The answer to the title of this week’s blog varies depending on whether you talk to the public safety community versus the technology community. However, you also need to factor in the actions of the U.S. Congress, the Federal Communications Commission (FCC), and perhaps even the National Telecommunications and Information Administration (NTIA). Each group will have a different set of answers and, unfortunately, the final decision may be up to the federal government. History offers a clear indication that the feds are after spectrum that can be monetized by selling it at auction.
Further, those who make the spectrum decisions may not be the most appropriate people to do so. There are many operational, security, and technical issues that are not understood by elected and appointed officials so there is a danger that they will see FirstNet is a success and then begin to mandate that the Land Mobile Radio (LMR) spectrum be reclaimed and put on the auction block before the public safety community is ready to trust FirstNet as its one and only network.
In reality, the public safety community needs to be in charge of the radio spectrum it counts on to be effective and that personnel count on to keep them safe when they are in harm’s way. In an ideal world, FirstNet will be rolled out, push-to-talk and the network will evolve mission-critical status, and someone will solve the off-network (simplex, talk-around, peer-to-peer) issue which is, at the moment, a major stumbling block for many. But does the public safety community have the clout to contend with elected officials who are much more concerned about the national debt and the potential dollar value of spectrum rather than how important it is to one group or another?
This discussion makes some assumptions as to the status of FirstNet going forward. The first is that 100 percent of the states, territories, tribal areas, and even the federal government are onboard with FirstNet. The next assumption is that if an agency is not already using FirstNet it has coverage in its area and can become a FirstNet customer without a lot of grief. Today, we are still in the early stages of FirstNet acceptance but I think over time it will be the common interoperability platform envisioned from the beginning. The first part of the timeline then, is when FirstNet will become a pervasive network that provides coverage to all public safety agencies.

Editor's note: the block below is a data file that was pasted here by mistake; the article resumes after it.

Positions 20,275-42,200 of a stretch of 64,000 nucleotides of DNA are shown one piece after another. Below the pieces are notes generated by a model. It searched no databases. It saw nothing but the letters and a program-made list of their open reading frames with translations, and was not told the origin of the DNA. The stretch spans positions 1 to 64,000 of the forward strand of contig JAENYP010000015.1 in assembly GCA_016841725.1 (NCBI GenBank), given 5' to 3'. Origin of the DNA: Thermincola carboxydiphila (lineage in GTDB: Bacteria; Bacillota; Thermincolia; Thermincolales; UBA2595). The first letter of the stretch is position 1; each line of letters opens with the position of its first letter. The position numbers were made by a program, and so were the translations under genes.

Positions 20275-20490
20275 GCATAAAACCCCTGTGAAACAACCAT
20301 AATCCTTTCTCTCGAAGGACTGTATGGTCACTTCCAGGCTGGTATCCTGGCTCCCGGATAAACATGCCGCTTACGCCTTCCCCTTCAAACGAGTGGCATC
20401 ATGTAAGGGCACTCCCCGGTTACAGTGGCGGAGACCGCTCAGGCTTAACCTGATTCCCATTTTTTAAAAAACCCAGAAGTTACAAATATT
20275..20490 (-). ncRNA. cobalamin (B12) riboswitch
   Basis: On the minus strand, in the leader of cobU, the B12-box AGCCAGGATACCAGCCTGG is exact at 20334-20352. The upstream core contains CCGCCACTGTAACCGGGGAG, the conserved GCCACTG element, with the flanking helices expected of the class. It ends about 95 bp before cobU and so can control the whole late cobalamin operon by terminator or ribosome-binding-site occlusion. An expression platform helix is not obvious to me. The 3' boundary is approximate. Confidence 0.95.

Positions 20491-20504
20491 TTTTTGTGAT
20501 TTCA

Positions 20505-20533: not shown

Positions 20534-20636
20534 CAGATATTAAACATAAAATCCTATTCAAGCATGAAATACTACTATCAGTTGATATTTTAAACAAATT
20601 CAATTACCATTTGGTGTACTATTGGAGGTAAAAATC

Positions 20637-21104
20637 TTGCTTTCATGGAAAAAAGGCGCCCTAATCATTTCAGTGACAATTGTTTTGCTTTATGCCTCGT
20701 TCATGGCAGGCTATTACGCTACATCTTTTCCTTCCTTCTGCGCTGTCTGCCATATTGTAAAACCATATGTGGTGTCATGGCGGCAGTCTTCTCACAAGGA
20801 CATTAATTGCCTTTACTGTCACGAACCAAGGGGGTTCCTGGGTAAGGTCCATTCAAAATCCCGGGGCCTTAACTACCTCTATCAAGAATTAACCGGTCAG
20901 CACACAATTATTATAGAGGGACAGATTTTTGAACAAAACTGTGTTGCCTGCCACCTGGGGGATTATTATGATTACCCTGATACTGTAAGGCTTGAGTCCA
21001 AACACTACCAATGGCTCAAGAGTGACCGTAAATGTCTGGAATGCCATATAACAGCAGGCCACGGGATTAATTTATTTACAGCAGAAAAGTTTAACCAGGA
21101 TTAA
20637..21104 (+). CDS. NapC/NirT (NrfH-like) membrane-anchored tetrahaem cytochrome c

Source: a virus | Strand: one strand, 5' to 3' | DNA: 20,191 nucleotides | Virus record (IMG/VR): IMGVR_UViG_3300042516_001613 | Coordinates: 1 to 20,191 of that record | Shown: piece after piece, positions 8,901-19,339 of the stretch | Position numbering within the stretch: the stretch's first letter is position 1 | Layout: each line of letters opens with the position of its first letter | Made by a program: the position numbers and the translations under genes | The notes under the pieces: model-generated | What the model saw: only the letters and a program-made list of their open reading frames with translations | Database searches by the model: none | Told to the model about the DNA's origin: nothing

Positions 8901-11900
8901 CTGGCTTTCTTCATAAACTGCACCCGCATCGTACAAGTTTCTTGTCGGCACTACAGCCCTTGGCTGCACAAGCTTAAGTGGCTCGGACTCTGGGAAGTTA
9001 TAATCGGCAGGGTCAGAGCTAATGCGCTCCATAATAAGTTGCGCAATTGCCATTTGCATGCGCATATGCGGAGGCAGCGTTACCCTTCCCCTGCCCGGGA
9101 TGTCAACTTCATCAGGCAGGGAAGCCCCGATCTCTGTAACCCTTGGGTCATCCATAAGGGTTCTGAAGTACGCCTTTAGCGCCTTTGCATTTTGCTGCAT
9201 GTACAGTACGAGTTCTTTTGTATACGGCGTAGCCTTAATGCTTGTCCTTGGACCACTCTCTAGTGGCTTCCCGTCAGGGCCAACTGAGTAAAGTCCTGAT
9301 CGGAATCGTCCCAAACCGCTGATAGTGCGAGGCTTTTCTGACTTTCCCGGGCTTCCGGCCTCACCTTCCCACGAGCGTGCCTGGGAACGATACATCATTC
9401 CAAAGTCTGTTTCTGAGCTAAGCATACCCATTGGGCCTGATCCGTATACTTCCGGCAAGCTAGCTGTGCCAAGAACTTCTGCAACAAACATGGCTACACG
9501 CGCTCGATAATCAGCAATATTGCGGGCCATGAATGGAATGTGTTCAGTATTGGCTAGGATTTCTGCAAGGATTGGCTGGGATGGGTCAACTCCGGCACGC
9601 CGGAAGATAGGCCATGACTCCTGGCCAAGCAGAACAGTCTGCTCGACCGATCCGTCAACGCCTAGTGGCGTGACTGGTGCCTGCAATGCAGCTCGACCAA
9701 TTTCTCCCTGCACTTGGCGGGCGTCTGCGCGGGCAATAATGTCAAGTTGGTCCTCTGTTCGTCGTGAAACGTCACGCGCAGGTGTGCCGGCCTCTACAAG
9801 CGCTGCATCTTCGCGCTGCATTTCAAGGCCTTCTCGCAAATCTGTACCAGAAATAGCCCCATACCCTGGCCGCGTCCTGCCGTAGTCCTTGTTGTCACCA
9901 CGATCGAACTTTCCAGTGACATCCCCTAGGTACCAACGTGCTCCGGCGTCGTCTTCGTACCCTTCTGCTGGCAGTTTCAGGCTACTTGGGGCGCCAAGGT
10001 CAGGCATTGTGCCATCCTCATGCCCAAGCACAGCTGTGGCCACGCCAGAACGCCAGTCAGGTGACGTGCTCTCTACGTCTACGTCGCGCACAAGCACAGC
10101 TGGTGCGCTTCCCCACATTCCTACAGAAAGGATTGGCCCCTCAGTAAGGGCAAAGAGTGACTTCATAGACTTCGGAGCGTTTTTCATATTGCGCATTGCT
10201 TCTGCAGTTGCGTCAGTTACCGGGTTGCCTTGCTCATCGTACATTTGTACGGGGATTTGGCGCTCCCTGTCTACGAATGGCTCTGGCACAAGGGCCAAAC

The danger of course, is that the U.S. Government will do what it did when it required public safety to give back the T-Band. It looked into the future and said, of course FirstNet will be fully viable by these dates and major metro areas can easily move to FirstNet, so let’s take that spectrum away. As we now know, that decision was based on what several technology companies were assuring members of congress and not based on reality. The first question then is will the federal government permit FirstNet to be proven by use to be 100 percent effective before it starts taking spectrum away, or while, like before, believe a few technology “experts” and start the process before ensuring public safety is really ready?
Another issue that will have to be carefully explained to those who make decisions based on financial rather than technical reasons is which portions of spectrum are viable for what types of alternate use. Elected officials don’t know and don’t care whether a certain portion of the spectrum is suited for a specific function, only how much it will bring at auction. They don’t have a clue about antenna length, battery life, and other factors that make spectrum lower in frequency less usable for mobile broadband and they have no understanding of how many different portions of spectrum can be fit into a device that can actually be carried in a hand.